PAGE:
Callan Contemporary
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James Kennedy


James Kennedy’s instantly recognizable visual language—exuberant forms engaged in a complex spatial conversation— communicates with viewers via a highly developed aesthetic grammar. In syntactic, his third exhibition with Callan Contemporary, the artist presents a suite of compositions that integrate the serene rhythms of geometric painting with the emotive intensity of gestural abstraction. With their nuanced textures and chromatic harmonies, these process-intensive acrylic paintings are built up from dozens of layers of delicate glaze-work and incised lines. In the tradition of Arshile Gorky, Hans Hofmann, and Cy Twombly, Kennedy has evolved a profoundly personal geometric syntax, which affords seemingly effortless connections between surface, shadow, and the dynamic placement of shapes within the picture plane. The finished works invigorate the viewer’s eye with a push/pull relationship that is both conceptually and viscerally involving.

Born in Northern Ireland, Kennedy studied painting at the Royal Scottish Academy in Edinburgh, where he was also active in the worlds of dance and theater. Now based in New York City, he exhibits with leading galleries and art fairs internationally and is represented in prestigious corporate collections, including Corcoran Group, Saatchi & Saatchi, St. Regis Hotels, and Nordstrom; and private collections including the late Pulitzer Prize-winning playwright Edward Albee. Last spring, the artist was the subject of a solo exhibition, James Kennedy: Shape-Shifting, at the John Hartell Gallery at Cornell University. In his curatorial statement for that show, visiting associate professor Mark Morris wrote: “Pattern is important to Kennedy’s work, as is craft and the character of linework: incised, dashed, floating on paint...”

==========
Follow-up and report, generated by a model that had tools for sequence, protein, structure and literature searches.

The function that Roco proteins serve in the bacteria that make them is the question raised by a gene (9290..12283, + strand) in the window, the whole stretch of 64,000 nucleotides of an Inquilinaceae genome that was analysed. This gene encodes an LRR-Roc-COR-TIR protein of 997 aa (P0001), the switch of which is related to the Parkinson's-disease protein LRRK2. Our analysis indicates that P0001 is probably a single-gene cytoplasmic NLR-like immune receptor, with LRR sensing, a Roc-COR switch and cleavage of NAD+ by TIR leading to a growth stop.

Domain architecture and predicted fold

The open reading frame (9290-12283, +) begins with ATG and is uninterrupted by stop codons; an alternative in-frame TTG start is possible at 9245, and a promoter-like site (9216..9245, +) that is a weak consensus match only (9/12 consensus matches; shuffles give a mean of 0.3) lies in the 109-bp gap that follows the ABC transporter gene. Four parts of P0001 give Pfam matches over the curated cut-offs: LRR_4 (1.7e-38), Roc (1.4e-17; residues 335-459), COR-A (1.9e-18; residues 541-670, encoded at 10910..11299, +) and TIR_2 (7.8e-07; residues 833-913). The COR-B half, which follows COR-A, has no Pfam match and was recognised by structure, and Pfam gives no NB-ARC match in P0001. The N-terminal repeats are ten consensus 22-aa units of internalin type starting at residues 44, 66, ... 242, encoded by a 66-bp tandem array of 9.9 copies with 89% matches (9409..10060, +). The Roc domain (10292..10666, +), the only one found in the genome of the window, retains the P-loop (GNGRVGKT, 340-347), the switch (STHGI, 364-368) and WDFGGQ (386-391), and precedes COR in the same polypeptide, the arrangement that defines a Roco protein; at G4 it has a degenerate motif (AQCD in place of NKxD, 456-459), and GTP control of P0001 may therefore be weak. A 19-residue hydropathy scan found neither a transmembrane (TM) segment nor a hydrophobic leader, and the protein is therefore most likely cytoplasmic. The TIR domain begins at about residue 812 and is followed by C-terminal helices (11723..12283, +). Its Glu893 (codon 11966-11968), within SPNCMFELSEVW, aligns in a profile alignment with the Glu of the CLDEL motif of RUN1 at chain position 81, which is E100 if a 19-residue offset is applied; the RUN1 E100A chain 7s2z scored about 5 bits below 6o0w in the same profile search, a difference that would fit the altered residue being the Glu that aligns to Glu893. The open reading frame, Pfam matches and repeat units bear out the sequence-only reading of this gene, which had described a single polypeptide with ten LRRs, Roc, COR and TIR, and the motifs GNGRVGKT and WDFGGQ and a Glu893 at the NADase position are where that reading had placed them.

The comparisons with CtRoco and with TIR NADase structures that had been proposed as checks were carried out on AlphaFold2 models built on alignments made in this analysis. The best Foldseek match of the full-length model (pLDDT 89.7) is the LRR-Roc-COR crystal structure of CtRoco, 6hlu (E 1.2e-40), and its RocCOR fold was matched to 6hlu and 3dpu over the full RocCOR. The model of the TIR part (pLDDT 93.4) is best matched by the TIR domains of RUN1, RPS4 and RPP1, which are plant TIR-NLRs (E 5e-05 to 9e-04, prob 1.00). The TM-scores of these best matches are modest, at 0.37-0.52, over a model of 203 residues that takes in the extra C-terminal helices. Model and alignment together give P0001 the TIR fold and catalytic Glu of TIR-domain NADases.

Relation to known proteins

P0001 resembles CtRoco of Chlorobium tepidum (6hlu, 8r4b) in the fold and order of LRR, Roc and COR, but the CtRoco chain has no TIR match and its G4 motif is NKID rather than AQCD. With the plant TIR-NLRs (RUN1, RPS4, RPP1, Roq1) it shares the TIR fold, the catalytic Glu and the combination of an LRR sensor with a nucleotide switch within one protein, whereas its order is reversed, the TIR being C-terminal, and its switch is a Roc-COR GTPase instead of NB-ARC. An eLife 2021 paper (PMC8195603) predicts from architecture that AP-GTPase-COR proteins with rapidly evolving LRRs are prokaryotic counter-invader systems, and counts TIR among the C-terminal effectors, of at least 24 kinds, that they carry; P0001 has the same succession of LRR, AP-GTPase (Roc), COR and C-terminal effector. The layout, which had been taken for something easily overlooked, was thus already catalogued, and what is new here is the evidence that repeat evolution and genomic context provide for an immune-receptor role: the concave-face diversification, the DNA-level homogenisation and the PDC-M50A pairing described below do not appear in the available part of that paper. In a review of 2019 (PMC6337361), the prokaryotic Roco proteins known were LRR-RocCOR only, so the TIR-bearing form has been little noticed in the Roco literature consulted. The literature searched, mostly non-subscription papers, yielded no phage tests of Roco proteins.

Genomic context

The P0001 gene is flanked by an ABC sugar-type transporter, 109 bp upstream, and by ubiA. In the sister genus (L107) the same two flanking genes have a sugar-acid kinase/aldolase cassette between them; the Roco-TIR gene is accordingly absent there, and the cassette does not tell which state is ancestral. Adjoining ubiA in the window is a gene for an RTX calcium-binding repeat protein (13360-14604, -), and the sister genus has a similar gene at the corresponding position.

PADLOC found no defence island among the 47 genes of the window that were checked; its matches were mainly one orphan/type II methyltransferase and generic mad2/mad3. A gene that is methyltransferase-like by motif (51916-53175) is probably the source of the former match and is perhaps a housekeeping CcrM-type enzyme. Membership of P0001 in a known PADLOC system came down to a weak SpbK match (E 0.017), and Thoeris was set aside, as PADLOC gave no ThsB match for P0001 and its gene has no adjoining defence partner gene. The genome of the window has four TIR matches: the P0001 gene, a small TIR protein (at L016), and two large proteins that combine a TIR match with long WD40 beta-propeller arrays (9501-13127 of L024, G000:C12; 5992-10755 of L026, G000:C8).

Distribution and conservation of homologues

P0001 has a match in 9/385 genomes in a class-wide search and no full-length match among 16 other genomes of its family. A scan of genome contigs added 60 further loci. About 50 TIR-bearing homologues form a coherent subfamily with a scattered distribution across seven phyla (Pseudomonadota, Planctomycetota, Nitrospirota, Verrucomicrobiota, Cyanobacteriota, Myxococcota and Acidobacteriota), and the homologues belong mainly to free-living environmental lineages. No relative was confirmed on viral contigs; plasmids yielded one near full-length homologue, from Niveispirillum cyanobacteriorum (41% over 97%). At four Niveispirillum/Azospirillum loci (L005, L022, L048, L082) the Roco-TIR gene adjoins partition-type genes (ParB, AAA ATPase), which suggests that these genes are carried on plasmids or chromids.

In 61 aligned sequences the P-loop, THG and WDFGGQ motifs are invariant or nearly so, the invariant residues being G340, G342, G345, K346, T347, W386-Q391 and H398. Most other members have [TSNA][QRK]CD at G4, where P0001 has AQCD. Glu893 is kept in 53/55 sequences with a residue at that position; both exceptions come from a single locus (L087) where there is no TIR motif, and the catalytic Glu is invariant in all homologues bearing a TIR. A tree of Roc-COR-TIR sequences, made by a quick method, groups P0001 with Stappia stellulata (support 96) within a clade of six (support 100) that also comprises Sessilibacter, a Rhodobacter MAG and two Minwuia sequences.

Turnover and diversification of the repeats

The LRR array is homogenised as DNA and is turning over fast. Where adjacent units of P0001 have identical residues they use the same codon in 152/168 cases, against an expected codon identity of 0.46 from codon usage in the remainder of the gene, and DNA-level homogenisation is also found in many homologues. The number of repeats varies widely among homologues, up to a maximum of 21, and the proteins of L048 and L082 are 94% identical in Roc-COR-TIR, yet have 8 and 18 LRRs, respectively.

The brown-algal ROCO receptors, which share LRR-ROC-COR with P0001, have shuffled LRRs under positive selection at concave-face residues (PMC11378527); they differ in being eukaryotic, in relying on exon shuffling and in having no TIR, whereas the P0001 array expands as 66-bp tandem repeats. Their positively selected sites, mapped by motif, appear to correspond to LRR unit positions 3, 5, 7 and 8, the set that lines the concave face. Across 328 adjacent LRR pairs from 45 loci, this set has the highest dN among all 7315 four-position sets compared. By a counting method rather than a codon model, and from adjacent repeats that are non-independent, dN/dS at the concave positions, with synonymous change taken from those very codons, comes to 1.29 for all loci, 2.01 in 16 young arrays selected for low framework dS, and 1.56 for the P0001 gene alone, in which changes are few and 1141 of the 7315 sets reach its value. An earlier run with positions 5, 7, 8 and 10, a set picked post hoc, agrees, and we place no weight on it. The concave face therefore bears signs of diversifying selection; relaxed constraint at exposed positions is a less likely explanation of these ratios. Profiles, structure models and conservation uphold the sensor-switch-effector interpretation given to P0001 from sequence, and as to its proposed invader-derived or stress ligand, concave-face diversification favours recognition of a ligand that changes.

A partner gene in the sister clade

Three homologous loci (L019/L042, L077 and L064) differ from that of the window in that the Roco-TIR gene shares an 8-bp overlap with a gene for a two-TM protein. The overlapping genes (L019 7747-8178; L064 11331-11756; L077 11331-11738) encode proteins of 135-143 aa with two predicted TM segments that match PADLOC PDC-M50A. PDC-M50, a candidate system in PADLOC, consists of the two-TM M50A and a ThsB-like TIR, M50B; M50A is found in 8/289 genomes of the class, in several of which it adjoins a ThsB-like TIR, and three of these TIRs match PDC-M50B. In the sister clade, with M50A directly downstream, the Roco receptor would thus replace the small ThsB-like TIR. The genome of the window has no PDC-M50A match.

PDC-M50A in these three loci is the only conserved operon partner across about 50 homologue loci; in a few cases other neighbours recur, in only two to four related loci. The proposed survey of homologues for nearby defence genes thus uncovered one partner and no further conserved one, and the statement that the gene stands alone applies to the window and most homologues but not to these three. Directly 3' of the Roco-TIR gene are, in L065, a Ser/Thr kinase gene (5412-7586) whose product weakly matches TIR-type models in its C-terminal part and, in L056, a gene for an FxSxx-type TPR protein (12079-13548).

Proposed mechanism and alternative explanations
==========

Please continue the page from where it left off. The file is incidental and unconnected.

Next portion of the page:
In Kennedy’s new paintings at Callan Contemporary, compositional elements integrate seamlessly, as in a mathematical equation that can be solved in only one possible way. The lines connecting the forms have an organicism of joinery and armature that is at once architectural and anatomical; each shape is akin to an individual character acting within an operatic pictorial drama. “Some people see these as very musical paintings,” Kennedy notes, “but to me it’s a non- specific language—this linear vocabulary that abstains as much as possible from any referential stimulus.” Above all, the shapes in these artworks are intrinsically expressive, not merely formalist. “For all their precision,” he concludes, “the paintings are never ‘slick.’ I always want them to have an emotional drive.”